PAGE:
All posts tagged “Sampling”
Since 2010 Fare Soldi are a household name for everyone who loves modern disco stuff. Their obsession about looking for the perfect groove let their remixes (for Duck Sauce, Beyoncé, Congorock, Toro Y Moi among others) rise to reach dancefloors all around the world, released on quality labels like Southern Fried, Ministry of Sound, Kitsuné. We caught up with the Italian duo to find out more about how they use Reason and ReCycle in their music making.
When you come across a video where someone samples percussion and snoring (!) together with an older gentleman covered in tattoos, it’s hard not to be curious. Therefore we had a quick chat with New York-based mad audio experimentalist Hot Sugar to find out more about his approach to music production.
Your music is full of unique sounds, could you tell us a bit about how you create them?
I record a lot of sounds on portable recorders then import them to the NN-XT to make patches. I make everything from basses to keys or sustained organ type patches. I’ll compose a melody and add instrumentation surrounding it. After that I import drum samples i’ve recorded into Redrum or Kong and make a beat to accompany the riffs I created. Between the drum machines and the samplers you can make a whole song.
My favorite patches are the ones I’ve made using recordings I couldn’t hear at the time (usually because they were too quiet or even silent). Just because we don’t hear something doesn’t mean there isn’t a sound, tone or texture to present. I love recording “silence” and cranking up the volume afterwards to hear the intricacies our ears cant. I’ve made number of patches from roomtones that at first seemed silent but once distorted and compressed sounded like eerie whistles or even basses. I usually throw them into the NN-XT too.
When I travel to a place I haven’t been to before I turn on my recorder and capture it (whether a new place a couple blocks from my apartment or another country entirely). Sometimes I like to scroll through my folders of recordings and press play without reading the filename. Some are recognizable but most are confusing and disorienting. I try to picture the spot and by then my imagination gets the best of me. Once I’m lost in that world I can hear other melodies and things going on so the songs start writing themselves.
Any Words of Wisdom for aspiring producers and musicians?
There are plenty of stock sounds offered by a program like Reason but there are an infinite number of other ones outside that are just waiting to be recorded and brought back to your computer. The sounds that come with the program are incredibly impressive but the real gift Reason offers is the ability to transform whatever you want on your own.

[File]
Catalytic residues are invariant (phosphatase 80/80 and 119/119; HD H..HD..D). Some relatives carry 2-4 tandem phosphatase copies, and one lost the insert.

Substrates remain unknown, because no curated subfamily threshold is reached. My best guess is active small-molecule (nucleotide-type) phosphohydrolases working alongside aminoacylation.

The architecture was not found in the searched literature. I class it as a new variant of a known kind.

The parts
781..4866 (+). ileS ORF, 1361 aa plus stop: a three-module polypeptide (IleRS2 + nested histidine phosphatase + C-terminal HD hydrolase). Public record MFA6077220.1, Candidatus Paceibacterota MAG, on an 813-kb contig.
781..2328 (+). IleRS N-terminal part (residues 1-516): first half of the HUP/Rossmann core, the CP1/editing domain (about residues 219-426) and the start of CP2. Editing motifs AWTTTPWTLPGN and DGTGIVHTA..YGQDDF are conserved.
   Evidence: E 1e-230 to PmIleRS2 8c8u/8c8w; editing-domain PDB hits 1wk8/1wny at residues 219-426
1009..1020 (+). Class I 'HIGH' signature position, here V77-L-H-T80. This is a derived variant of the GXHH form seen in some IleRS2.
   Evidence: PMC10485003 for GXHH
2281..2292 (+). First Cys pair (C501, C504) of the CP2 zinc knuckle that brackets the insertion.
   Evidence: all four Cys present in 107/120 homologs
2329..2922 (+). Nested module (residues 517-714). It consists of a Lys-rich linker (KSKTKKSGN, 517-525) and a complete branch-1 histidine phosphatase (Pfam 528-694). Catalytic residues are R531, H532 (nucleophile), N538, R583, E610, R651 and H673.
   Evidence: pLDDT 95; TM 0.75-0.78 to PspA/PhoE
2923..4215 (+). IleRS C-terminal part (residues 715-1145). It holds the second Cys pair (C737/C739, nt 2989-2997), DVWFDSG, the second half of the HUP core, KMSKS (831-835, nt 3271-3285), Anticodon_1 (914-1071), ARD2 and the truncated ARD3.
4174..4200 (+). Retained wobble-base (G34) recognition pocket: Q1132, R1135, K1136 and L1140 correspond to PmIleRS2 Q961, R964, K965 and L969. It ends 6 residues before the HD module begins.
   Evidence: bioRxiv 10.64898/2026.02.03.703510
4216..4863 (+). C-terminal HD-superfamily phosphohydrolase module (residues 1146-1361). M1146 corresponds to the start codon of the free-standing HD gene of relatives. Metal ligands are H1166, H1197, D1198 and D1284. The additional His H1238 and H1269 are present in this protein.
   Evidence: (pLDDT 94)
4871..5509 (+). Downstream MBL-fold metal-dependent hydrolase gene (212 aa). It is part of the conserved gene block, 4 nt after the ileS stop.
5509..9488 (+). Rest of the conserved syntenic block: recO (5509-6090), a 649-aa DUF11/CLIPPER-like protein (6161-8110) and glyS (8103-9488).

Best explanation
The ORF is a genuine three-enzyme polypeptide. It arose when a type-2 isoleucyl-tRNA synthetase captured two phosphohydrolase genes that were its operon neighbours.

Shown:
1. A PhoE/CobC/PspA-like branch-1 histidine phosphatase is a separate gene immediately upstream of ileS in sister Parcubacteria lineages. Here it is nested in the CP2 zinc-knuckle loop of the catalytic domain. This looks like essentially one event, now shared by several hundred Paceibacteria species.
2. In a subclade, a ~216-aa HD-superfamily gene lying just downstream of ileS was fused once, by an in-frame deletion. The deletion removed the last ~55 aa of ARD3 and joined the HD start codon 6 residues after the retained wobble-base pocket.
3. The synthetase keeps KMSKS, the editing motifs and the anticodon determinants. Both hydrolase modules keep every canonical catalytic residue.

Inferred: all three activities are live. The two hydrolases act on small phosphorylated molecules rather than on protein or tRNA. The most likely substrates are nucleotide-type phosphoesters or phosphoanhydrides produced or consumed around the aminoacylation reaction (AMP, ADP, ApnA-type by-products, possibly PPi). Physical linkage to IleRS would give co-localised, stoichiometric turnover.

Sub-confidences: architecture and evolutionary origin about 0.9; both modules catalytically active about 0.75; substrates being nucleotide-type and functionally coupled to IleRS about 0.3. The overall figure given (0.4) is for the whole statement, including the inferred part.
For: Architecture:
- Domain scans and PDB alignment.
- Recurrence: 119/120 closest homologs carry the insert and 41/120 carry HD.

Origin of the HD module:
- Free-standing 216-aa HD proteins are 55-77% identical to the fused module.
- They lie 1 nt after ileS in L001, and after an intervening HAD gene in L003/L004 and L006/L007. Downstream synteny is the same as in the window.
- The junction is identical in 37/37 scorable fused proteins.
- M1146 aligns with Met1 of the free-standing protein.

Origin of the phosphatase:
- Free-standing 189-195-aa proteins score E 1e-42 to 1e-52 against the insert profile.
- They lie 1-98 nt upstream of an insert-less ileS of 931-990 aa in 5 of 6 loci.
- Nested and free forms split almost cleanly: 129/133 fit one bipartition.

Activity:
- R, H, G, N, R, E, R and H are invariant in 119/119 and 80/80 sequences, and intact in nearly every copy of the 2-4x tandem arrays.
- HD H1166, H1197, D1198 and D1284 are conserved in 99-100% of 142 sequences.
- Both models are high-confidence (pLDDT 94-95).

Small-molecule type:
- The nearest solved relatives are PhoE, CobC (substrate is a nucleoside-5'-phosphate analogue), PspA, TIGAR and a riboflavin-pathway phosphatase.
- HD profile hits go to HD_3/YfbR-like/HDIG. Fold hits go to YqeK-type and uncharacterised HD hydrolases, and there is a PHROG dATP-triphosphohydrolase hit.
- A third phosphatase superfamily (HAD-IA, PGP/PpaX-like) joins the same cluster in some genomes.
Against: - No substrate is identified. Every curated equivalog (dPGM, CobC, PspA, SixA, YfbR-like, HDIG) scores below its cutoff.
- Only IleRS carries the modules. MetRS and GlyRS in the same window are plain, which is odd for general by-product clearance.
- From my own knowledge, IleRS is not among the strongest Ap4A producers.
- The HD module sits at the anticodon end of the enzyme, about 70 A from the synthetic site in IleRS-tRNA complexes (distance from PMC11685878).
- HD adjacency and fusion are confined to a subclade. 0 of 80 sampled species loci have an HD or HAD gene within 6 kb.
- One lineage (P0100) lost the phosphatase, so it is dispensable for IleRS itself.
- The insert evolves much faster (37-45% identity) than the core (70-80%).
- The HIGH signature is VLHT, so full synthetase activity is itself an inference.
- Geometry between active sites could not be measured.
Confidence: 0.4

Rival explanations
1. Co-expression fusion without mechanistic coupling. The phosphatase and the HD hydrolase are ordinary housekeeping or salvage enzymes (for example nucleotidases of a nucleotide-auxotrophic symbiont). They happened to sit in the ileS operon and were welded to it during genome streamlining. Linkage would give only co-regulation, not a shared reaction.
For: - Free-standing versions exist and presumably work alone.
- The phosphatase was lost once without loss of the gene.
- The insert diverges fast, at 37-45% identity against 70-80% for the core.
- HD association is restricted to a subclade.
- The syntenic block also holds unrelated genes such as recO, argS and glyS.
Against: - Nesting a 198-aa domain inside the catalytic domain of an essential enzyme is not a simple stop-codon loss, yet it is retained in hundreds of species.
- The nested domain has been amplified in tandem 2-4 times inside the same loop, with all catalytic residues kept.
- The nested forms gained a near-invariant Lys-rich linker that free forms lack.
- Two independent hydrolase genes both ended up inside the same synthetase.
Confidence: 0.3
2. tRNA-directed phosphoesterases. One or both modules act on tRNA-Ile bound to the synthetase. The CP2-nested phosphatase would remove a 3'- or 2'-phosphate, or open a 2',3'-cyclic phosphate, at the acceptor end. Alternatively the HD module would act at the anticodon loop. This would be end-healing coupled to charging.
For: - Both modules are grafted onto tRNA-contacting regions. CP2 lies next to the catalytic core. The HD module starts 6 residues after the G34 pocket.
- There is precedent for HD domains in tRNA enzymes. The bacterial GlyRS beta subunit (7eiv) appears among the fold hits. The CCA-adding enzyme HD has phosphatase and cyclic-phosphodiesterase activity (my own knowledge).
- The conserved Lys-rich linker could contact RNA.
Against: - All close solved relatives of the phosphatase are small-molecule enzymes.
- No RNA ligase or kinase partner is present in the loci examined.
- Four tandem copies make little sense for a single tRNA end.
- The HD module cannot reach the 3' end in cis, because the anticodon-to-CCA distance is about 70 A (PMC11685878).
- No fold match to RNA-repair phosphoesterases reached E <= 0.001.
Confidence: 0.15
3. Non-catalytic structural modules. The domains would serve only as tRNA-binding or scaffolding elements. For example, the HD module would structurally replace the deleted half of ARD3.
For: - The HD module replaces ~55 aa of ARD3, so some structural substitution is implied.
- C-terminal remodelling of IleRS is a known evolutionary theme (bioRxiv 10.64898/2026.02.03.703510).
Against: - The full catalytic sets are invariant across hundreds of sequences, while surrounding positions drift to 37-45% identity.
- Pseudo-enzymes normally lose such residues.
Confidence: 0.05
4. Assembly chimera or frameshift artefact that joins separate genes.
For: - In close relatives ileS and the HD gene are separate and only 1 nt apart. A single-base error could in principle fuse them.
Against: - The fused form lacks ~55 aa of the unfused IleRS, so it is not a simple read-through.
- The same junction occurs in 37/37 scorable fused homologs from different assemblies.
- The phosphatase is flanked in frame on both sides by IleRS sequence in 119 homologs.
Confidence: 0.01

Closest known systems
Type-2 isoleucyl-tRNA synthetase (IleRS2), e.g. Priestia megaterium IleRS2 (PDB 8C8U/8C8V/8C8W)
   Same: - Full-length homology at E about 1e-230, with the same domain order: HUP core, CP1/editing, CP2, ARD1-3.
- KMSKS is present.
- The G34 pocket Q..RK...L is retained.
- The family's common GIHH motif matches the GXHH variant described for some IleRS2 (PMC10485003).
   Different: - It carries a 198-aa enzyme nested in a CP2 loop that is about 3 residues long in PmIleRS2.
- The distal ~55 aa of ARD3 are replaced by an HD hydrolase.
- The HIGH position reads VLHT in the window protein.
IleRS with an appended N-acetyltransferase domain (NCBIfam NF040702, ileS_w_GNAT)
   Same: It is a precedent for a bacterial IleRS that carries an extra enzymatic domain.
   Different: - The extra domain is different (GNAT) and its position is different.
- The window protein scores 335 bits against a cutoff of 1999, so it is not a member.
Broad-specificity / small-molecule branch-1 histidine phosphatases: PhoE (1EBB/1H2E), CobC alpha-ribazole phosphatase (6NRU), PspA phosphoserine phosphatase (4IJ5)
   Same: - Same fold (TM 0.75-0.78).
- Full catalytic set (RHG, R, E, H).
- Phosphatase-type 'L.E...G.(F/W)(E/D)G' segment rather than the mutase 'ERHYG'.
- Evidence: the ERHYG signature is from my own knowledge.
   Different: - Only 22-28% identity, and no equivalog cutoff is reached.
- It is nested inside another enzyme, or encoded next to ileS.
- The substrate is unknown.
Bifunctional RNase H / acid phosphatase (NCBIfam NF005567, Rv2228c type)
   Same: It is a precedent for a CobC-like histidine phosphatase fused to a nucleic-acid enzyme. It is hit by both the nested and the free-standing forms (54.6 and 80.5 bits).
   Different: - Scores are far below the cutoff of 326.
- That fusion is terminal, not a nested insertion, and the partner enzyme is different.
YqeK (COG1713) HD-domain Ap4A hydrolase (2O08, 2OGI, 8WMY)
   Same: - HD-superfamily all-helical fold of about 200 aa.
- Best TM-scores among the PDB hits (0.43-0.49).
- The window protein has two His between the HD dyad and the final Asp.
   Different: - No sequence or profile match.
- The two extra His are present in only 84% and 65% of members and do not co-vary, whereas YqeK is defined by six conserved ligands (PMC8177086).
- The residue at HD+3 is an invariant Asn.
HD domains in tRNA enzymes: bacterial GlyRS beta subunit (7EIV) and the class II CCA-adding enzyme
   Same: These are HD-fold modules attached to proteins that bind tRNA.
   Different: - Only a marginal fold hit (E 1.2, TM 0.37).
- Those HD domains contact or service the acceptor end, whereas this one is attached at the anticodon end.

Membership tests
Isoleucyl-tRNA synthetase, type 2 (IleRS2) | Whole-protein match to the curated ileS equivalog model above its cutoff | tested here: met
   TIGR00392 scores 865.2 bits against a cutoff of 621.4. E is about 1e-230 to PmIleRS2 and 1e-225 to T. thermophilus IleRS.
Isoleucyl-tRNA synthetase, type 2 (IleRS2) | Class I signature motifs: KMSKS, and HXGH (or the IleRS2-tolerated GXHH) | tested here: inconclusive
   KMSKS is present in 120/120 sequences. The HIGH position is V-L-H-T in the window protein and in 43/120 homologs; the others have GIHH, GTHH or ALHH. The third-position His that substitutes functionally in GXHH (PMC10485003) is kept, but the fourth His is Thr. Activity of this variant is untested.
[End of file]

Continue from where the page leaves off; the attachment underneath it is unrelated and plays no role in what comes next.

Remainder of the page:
Yours truly is old enough to have been around when digital samplers first arrived. Admittedly I never touched a Fairlight or an Emulator back when they were fresh from the factory – those products were way out of a teenager’s league – but I distinctly remember the first time I laid hands on an S612, Akai’s first sampler. Its modest 128 kB RAM could hold a single 1-second sample at maximum quality (32 kHz) – but none the less it was pure magic to be able to record something with a mic and instantly trigger it from the keyboard. I spotted that particular Akai sampler hooked up in my local music store, and tried it out by sampling myself strumming a chord on a Spanish guitar. My first sample…!
As the years went by, I gradually became spoiled like everyone else; there were tons of high quality sample libraries available on floppies, and soon enough the market was swamped with dedicated sample playback instruments such as the S1000PB, the E-mu Proteus, the Korg M1 and the Roland U-series to name but a few. This trend carried over into software instruments; manufacturers and others kept sampling like crazy for us so it seemed more or less superfluous to do it yourself. Propellerhead was no exception – with no sampling facilities and no hard disk recording, Reason remained a playback device for canned samples for almost 10 years – but in Reason 5 and Record 1.5, they got around to adding a sampling feature. In typical Propellerhead fashion, don’t do it unless it’s done right. The trick to doing it right was to bring back the simplicity and instant gratification of those early samplers – just plug in a source, hit the sample button, perform a quick truncate-and-normalize in the editor, and start jamming away.
This time around the keyword is Productivity – we’re going to learn how to work the NN-XT at warp speed, streamlining the workflow, boosting the power. If you’ve only scratched the surface before, here is an invitation to dig deeper.
The NN-XT is more than a big brother to NN19; it is by far the most advanced, capable, adaptive and deep Reason workhorse. When Propellerhead got around to creating Reason’s flagship sampler, they got a chance to once and for all tackle their main gripe with hardware samplers – the lack of a fast and intuitive interface. With their invariably tiny LCD displays, awkward menu systems, keypad parameter editing and absence of a qwerty keyboard (meaning you had to painstakingly enter sample names like you enter high score initials on an arcade game), most hardware samplers suffered from a bottleneck syndrome in the user interface department – it took aeons to program them.
NN-XT became the opposite – with tons of rotary dials for swift parameter access, a generous display and super-fast macro functions like pitch detection and automapping, NN-XT lets you do in a coffee break what used to take a weekend. Now, let’s have a slice of that pie…